The New Orleans City Council on Thursday signed off on an agreement to use a proposed new sales tax as well as money from the hospitality and convention industry to fund a year-round contingent of State Police troopers in the French Quarter for the next five years.
The agreement is the last procedural step needed before a central part of funding the plan, a new, nearly quarter-cent sales tax in the French Quarter, is put before voters in the neighborhood on the Oct. 24 ballot.
The plan was announced by Mayor Mitch Landrieu earlier this year in response to a spike in high-profile violent crimes in the Quarter. It would be in addition to other efforts, including police details and the civilian NOLA Patrol program, to improve security in the Quarter.
The effort would be funded by the new sales tax, which is expected to bring in about $2 million a year; $500,000 from a hotel tax put in place last year and overseen by the Convention and Visitors Bureau; and $1 million from the budgets of the CVB and the Morial Convention Center, according to the agreement.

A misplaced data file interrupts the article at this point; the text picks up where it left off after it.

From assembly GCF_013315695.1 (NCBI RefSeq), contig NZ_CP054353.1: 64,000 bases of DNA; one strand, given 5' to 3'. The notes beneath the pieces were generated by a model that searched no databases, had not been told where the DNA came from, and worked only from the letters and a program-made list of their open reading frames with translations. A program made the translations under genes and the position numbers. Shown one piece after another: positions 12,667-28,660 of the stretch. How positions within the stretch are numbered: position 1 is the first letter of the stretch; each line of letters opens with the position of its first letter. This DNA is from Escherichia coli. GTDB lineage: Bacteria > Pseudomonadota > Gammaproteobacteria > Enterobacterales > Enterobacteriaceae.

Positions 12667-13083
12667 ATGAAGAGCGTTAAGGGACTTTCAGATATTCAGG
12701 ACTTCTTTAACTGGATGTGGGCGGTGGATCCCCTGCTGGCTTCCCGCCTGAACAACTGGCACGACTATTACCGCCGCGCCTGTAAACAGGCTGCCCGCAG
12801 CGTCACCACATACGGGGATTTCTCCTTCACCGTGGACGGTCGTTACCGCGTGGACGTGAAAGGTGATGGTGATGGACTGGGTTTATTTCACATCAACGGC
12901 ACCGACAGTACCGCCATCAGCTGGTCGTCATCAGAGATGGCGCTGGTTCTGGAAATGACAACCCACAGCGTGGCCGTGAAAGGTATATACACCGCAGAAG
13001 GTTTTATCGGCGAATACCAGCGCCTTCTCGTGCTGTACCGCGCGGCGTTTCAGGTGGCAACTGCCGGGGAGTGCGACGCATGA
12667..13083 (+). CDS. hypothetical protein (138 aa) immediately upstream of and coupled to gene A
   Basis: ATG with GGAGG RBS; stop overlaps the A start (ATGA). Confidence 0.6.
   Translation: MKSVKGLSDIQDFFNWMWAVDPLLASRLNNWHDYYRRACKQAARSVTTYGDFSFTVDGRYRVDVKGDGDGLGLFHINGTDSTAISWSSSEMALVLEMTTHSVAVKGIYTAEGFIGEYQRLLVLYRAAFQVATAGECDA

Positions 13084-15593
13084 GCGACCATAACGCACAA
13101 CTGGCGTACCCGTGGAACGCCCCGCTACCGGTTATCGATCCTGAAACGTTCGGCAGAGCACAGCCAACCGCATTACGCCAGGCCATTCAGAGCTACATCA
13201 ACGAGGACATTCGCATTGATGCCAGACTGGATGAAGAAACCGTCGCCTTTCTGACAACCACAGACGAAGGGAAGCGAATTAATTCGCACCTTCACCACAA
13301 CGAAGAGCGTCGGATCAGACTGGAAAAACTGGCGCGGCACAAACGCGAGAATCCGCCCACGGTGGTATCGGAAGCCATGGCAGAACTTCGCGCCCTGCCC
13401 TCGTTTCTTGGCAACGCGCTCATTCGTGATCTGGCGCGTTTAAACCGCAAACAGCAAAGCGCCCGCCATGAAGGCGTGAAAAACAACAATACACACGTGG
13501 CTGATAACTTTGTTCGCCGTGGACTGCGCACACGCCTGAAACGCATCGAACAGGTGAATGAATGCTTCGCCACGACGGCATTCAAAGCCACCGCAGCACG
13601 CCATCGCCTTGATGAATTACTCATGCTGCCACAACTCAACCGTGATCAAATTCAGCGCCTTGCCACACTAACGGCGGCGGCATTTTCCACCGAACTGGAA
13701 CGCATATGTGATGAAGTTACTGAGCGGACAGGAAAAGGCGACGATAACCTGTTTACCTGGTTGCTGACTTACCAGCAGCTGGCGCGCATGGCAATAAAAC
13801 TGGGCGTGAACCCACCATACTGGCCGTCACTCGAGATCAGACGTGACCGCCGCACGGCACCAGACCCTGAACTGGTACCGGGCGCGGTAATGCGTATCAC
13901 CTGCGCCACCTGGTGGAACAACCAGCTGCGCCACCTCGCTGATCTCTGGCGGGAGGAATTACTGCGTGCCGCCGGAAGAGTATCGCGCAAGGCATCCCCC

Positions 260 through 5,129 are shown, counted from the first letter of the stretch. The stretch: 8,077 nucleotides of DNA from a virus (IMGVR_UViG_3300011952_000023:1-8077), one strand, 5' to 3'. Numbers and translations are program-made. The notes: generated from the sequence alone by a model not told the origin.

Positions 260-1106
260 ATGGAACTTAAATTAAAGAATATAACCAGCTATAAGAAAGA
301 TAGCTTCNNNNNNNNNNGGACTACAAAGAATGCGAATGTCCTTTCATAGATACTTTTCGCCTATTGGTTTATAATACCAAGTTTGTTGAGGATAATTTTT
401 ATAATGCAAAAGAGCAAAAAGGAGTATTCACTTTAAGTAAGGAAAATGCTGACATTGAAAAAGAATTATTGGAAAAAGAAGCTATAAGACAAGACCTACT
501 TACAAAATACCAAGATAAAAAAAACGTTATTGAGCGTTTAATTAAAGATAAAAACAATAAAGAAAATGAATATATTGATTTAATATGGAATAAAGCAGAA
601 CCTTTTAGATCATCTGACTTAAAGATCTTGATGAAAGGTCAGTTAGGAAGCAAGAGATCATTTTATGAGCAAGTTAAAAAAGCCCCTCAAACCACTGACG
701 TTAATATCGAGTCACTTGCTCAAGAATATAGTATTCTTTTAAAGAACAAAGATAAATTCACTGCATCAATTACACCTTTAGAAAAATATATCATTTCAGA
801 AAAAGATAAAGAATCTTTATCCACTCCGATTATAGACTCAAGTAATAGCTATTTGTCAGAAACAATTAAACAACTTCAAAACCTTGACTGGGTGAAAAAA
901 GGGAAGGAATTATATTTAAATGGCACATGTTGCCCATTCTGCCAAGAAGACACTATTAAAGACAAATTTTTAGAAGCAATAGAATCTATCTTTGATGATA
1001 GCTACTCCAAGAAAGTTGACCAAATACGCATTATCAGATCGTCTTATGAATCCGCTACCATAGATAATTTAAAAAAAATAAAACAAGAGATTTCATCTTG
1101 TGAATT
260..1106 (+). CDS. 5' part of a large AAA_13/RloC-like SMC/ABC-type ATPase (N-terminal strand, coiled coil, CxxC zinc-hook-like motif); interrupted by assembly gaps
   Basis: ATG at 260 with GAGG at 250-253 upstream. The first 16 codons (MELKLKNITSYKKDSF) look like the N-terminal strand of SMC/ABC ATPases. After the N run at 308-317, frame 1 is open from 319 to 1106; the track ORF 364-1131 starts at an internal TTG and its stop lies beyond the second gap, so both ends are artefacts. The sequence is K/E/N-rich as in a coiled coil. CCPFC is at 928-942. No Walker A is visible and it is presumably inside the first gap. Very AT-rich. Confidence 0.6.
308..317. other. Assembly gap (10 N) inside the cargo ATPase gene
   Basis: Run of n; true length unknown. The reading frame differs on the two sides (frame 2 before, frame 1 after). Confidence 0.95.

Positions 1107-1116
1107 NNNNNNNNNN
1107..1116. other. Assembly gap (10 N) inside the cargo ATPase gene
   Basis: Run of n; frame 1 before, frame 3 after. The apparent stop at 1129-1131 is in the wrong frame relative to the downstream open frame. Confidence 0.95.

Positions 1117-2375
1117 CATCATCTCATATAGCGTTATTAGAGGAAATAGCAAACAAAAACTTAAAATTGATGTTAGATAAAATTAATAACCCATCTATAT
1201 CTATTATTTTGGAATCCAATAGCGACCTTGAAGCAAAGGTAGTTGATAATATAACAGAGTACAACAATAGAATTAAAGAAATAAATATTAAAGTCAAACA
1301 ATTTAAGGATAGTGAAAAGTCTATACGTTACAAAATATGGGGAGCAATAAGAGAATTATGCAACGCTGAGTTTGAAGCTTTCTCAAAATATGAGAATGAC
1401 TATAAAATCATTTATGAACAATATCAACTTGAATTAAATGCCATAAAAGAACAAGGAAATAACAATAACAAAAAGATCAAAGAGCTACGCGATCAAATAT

The money would pay for at least 30 state troopers to patrol the French Quarter for the next five years.
State Police would be required to come up with a patrol plan with input from the New Orleans Police Department’s 8th District, which covers the French Quarter. Troopers would have to be trained on New Orleans city ordinances and on “handling public safety situations that are specific to the tourist-dense French Quarter.”
The agreement also allows the governor or State Police superintendent to pull troopers out of the Quarter in case of a disaster, a named storm or a declared state of emergency in which they are needed elsewhere.
City officials said they plan to hold meetings in early October so voters can discuss the proposed sales tax.
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